Saturday, October 2, 2010

The Care Center for Geriatric Pets

We have been petless now for about 18 months. Prior to that there was always at least one animal in our home for over 15 years, sometimes two or three. In the latter days of our pet life we felt more like trustees or caregivers than mentors or partners in recreational pursuits. We basically assisted our aging friends in their transition from this world into some other form of matter.

We've had a wide range of pets: feline, canine, rodent, amphibian and reptile. Fish, too. However, the recurring classifications were feline and canine. And in the geriatric phase, our home sheltered three dogs and one cat. Oliver was the king both because he was the oldest and also because he didn't take shit from anyone. He was not the first to go either, but the penultimate. Oh, by the way, Oliver was a cat, THE CAT, if you asked him.

Sally was our first dog. We got her as a pup and she was tiny at the start, clearly the runt of the litter. We didn't know what we had for awhile, but soon we learned that we had acquired a manic animal. Sally was the dog that thought she was a bird. At least that's what it sounded like to us. Who knows what she thought? She was pretty much always ecstatic, no matter what was going on or who was around. It was hard to see her age, because spiritually, she kept her sunny disposition right up to the end. It must have been frustrating for her to have to slow down.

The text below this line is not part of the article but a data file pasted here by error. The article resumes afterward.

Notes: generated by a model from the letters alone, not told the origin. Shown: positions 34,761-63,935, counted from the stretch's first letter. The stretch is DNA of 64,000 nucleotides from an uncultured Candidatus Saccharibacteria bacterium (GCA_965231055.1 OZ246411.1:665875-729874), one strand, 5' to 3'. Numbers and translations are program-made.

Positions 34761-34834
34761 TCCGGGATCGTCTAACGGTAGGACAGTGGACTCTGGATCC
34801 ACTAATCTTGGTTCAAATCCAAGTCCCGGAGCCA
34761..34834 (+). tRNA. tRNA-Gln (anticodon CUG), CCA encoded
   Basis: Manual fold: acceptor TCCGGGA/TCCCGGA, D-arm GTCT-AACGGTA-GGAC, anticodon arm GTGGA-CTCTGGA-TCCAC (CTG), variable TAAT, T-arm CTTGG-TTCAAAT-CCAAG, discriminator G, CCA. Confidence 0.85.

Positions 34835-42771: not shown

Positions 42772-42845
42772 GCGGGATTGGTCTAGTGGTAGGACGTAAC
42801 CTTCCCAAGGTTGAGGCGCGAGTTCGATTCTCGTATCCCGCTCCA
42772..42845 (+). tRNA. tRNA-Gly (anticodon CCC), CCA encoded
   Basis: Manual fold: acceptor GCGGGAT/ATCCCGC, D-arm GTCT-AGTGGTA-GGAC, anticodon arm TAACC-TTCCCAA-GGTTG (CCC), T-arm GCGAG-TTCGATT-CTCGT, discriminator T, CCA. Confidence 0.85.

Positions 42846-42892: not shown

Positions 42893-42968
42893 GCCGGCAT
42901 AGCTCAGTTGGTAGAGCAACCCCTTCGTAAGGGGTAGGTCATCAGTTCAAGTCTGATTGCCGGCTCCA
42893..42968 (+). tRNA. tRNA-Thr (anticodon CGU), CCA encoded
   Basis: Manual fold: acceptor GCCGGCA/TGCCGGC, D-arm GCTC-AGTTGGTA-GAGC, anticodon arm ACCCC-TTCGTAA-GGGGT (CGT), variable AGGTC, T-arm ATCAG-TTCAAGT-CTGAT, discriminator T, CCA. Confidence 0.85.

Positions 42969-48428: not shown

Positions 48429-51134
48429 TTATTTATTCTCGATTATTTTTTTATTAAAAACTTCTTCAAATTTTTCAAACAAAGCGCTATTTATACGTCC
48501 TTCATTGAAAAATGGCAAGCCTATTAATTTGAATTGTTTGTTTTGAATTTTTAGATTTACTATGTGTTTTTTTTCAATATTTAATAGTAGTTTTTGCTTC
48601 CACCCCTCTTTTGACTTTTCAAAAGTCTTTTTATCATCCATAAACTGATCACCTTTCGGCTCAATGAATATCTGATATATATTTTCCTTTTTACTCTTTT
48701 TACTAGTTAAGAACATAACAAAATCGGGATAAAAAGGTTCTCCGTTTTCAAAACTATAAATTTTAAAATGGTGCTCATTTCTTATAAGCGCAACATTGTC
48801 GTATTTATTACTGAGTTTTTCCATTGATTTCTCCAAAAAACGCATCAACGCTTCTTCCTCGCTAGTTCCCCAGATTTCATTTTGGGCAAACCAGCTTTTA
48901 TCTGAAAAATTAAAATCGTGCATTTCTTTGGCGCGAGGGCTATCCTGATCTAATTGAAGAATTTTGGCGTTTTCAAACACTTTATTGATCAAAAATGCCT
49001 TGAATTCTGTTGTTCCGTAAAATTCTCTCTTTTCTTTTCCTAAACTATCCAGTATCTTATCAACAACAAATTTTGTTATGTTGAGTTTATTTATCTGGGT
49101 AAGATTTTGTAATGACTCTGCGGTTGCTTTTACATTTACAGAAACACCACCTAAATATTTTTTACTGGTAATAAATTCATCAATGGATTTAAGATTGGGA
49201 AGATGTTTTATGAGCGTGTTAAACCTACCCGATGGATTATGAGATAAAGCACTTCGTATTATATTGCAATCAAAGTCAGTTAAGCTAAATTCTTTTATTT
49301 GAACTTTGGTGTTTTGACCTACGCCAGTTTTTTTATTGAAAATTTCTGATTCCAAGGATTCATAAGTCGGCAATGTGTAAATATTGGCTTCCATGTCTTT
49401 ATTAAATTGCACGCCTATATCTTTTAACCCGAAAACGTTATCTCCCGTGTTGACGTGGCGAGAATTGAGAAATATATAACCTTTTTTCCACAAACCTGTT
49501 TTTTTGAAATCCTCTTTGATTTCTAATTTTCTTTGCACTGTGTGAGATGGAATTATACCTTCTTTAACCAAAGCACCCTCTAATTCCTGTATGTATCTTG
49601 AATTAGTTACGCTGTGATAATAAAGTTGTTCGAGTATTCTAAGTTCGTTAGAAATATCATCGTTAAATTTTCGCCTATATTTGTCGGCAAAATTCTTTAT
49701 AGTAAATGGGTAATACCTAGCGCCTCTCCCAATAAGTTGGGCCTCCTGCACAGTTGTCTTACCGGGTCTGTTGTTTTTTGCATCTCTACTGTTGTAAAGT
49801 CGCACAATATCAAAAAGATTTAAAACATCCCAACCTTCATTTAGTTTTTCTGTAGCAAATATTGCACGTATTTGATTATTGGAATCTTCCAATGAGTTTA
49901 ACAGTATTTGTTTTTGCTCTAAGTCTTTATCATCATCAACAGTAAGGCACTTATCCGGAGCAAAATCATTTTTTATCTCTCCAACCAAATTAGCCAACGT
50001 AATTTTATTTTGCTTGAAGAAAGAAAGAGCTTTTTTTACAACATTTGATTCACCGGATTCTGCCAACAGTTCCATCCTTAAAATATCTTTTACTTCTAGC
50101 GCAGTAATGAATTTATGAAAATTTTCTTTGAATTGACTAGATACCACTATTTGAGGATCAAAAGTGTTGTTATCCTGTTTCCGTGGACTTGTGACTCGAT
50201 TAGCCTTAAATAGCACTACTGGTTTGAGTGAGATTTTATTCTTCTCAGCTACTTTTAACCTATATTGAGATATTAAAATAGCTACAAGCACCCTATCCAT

Sally in her last year
Duke (the second dog) had two lives with me. I got him from the Humane Society for my kids one Christmas back in the late 80s. Several years later, Duke and I parted due to circumstances beyond his control. In one of the stranger twists of familial interweaving, Duke and I renewed our acquaintance when he came to spend his golden years with us. It actually was a kick to have him around again and to enjoy his serious weirdness. He was a German Shepherd, Basset Hound mix. Try to picture that! He gave the impression of perpetually running downhill due to the irregular length of his two pairs of legs. Duke was a hoot.

Our most recent and last canine was Pepper. We accepted Pepper as a mercy mission, not as a deliberate choice. Pepper was my sister's dog and when she was unable to keep her after a move, we took Pepper in. Pepper was a sweet animal that we came to enjoy after learning to accommodate her challenges. She was stone deaf and nearly blind. The deafness was caused by ear infections when she was young and I believe the visual challenges were simply the result of aging. Pepper left us in the spring of 2009 and we've been petless ever since.

And yet . . . the (im)petus for this post is the appearance of an (im)pish stray kitten that adopted us in the late summer. It's an adorable creature, but we can't take it in because more than one of our family has significant feline allergies. We don't want to mess with that. However, we do occasionally think about getting into the pet arena again, especially since some of our children are actively doing that. Regardless of what we do in the future, our history with our animal mates is a strong force in family lore. Anyone care to give a home to this kitty? Winter is coming on.

The recently acquired friend


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